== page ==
APHIS determines whether a pest is actionable based on its novelty and known prevalence or distribution within and throughout the United States, its potential harm to U.S. agricultural, environmental, or other resources, and the need to mitigate its pest risk, if any. However, after APHIS determines that a pest is actionable, circumstances may change, and it may no longer be necessary or be an effective use of resources to take action on the pest at ports of entry. For example, a bacterium could cause disease in a plant, but also could have become widespread in the United States, making any future control efforts ineffective and a waste of limited resources. We may lack effective control methods for an insect pest that is present in the United States, which would result in taking action that will likely not prevent the pest from causing damage but will continue to expend limited resources. Or, for example, a mealybug could damage certain plants, but additional experience with the pest may reveal that the damage is not of sufficient plant pest risk or economic importance to merit action at the port of entry. These circumstances often mean that no restrictions are placed on the interstate movement of articles infested with these pests when the articles are moved interstate. It is important to make the actions we take at the port of entry consistent with the actions taken in interstate movement, to maintain a uniform and consistent pest risk safeguarding and trade policy.

To ensure that we are taking action at the ports of entry only when such action is warranted, APHIS has started to assess currently actionable plant pests that are present in the United States to determine which specific pests we should continue to take action on at the port of entry. The assessment is based on a number of factors, including:

  • The extent of the pest's distribution in the United States;
  • The pest's impacts on the economy (including its potential impacts on export markets), agricultural production, and the environment;
  • The scientific knowledge we have about the pest and the risk it poses; and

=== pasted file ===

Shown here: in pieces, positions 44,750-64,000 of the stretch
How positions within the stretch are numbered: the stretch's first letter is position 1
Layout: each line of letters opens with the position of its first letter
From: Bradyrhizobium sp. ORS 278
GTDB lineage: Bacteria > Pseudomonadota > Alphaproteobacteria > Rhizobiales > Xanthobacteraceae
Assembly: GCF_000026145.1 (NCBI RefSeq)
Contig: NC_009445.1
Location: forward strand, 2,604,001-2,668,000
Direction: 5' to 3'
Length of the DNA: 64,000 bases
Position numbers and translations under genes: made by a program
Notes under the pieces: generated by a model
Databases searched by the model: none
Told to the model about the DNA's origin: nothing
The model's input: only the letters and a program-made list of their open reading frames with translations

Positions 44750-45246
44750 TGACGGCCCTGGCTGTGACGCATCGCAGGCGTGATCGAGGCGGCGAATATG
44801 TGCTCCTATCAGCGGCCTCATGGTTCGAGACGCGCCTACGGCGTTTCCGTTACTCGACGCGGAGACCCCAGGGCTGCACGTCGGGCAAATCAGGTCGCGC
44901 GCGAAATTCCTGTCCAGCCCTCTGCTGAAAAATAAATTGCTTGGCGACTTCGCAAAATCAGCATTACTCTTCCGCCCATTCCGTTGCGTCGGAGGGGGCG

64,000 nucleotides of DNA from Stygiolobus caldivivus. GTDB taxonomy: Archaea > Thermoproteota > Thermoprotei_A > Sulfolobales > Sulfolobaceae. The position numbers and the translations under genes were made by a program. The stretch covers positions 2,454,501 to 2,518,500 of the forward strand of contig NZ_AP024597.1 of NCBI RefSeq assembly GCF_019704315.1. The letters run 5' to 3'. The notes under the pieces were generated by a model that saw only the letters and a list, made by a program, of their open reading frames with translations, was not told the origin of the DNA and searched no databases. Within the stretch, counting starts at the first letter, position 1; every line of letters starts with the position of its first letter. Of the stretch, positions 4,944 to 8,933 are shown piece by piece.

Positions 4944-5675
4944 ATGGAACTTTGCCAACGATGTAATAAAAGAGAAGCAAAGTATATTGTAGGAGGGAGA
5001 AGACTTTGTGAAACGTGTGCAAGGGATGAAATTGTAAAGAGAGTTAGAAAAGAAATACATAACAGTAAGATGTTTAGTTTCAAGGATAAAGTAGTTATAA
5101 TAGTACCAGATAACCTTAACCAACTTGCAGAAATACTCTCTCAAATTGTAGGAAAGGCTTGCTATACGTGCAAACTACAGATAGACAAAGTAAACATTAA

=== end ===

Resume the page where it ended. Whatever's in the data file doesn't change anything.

• The availability and effectiveness of control or eradication tools for the pest.

After we have completed our assessment, we share the information with the National Plant Board, a group of State plant health agencies. The States conduct their own reviews and provide additional information to help inform APHIS' decisionmaking. For example, States may have additional information on the presence or distribution of a pest in their States, on the damage that pest causes, or potential control tools.

After reviewing the information provided by the States, APHIS makes a decision on whether to continue taking action at ports of entry to mitigate the risk associated with a specific plant pest. Data leading to the decisions are documented in letters that are available on the Web at http://www.aphis.usda.gov/plant_health/plant_pest_info/frsmp/non-reg-pests.shtml. As of September 2013, APHIS has determined that 71 pests on which we had been taking action at ports of entry to address their risk no longer qualify under the PPA as requiring such action.

Done in Washington, DC, this 6th day of November 2013.
Kevin Shea,
Administrator, Animal and Plant Health Inspection Service.
[FR Doc. 2013-27132 Filed 11-12-13; 8:45 am]
BILLING CODE 3410-34-P
 
 
Comment Period Closed
ID: APHIS-2013-0048-0001
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Date Posted: Nov 13, 2013
Federal Register Number: 2013-27132